“The only thing that’s in my control is the music that I put out and I think that that dictates what is being said about me”

While many of if i could make it go quiet’s tracks have evocative title such as You Stupid Bitch and Did You Come?, perhaps its most interesting and unusual title is also its simplest. After all, it doesn’t get much shorter or sweeter than the humble full stop but how exactly would Marie Ulven like us to pronounce . ?

“What I like about that song is it shouldn’t even be pronounced… because that song is about when something is fully done and when there’s nothing more to say.

So, to me it doesn’t really have a name because there’s nothing more to say about that song – but I guess a full stop or a period or something like that if it’s ever going to be referred to.”

Ulven notes that the song’s working title was Been So Hard, “but that didn’t feel right because I don’t really have anything to say in this title, because I feel that the song marks the end of something.”

With sorrowful refrain such as “Honey I’m not doing so well,” Marie Ulven doesn’t shy away from her own mental health issues and is just as frank about them in conversation. Looking after her mental health is a process she’s still learning to deal with.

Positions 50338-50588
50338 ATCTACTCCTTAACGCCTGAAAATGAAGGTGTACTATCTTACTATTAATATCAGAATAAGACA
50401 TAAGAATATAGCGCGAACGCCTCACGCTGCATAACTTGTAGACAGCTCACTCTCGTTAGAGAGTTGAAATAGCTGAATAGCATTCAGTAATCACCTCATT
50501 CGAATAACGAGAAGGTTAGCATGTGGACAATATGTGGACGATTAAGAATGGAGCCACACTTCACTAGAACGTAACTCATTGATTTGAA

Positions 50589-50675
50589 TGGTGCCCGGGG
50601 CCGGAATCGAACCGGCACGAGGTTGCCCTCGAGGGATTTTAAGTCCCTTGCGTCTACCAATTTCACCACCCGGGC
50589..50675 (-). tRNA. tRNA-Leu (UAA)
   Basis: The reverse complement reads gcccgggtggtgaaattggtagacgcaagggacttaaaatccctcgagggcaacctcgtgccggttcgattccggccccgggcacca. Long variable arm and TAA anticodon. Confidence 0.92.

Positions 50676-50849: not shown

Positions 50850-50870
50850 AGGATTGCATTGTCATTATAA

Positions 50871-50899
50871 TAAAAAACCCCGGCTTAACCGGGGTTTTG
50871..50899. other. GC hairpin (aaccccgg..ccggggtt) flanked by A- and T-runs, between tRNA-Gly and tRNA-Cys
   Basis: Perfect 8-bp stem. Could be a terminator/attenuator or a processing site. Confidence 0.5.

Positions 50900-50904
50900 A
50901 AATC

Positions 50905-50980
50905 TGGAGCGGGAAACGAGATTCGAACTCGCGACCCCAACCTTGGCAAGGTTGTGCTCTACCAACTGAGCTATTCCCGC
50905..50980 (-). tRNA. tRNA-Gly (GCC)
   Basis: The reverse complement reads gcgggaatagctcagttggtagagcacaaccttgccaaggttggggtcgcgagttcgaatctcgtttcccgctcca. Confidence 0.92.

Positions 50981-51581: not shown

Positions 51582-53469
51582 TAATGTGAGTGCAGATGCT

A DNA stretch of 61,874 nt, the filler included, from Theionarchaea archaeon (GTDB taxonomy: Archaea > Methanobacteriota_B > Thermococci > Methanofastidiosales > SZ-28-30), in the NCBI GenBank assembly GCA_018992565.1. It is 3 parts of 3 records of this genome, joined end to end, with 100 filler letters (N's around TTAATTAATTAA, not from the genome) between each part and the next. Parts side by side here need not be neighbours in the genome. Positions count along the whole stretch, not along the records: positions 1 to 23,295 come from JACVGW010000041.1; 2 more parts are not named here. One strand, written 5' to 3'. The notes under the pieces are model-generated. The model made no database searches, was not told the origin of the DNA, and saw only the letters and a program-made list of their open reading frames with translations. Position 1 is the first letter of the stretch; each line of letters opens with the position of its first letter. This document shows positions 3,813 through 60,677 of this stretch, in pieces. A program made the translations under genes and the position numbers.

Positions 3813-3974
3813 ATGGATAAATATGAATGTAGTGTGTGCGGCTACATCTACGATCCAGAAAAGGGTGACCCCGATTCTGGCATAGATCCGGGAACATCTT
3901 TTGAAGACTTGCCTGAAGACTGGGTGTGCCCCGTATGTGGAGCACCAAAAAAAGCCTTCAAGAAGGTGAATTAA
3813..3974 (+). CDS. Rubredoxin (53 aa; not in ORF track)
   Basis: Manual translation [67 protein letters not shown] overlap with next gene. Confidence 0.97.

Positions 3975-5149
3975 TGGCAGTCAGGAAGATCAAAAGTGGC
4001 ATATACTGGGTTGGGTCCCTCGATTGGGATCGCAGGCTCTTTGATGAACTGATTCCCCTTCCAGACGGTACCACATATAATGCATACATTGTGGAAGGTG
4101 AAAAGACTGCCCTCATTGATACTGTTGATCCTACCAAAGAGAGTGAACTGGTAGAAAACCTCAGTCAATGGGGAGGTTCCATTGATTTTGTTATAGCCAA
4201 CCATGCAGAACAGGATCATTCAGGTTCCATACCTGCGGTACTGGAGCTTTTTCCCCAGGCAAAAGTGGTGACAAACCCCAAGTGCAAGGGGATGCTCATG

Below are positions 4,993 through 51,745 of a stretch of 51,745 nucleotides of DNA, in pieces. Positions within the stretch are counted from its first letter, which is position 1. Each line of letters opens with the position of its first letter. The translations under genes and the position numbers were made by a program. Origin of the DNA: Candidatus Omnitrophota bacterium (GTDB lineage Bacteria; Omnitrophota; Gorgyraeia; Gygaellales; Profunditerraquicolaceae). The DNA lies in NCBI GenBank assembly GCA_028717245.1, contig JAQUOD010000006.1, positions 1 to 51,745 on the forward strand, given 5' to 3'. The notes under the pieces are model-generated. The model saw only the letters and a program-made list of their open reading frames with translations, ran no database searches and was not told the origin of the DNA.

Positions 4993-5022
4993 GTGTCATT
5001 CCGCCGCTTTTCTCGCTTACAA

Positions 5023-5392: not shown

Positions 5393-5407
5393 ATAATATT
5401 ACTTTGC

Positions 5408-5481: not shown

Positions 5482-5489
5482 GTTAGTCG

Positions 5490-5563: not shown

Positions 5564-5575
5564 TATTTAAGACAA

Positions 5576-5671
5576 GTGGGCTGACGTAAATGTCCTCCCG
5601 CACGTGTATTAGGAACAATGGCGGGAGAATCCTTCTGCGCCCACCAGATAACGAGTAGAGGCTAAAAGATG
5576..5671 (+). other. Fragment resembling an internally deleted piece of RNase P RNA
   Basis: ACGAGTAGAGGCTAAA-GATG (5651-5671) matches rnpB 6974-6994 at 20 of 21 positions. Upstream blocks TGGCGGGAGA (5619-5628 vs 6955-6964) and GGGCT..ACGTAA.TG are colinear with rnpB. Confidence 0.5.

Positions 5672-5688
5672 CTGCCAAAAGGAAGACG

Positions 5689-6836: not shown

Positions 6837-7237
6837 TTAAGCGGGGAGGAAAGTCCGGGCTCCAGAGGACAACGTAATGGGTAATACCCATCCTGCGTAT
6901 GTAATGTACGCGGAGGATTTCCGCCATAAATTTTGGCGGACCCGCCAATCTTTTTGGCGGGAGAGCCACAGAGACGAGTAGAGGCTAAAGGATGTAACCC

“Honestly, I feel like I’m still trying to figure out how do I take care of myself? I feel like I don’t know that yet,” she says.

“I came to realise that drinking green tea is not self care two years ago and that was the first step of going ‘okay, what can I do that actually helps me?’” She notes the importance of setting boundaries and learning to say no, even though it can be difficult.

“I feel really guilty if I say no to something ‘cause I’m scared people won’t think I love my job. So yeah, it’s a weird balance.”

The line in question, “Honey I’m not doing so well”, is taken from the album’s opening track Serotonin, which is producer by Finneas, whom she met for the first time at a festival in 2019.

We sent (Serotonin) to Finneas, because I was like ‘okay, I have this really cool chorus and I have this really cool rap part, but I just want to get some extra energy in here,’” says Ulven, who says the process was really easy.

“We did a few Zoom calls back and forth, sent the stems back and forth, and we ended up with what you hear now, which is a banger tune.”

Ulven views Serotonin as a major milestone in her career to date.

“To me, it feels like the most ambitious song I’ve ever made, and it feels like the most honest and almost graphic song I’ve ever made. It’s very explicit – the lyrics – and I just felt like the outro of that song feels so beautiful and painful and hopeful. I feel like it really sets the bar for the record.”

‘If I Could Make It Go Quiet ‘ is out now Girl in Red plays The Olympia Theatre on May 2nd 2022 Tickets – here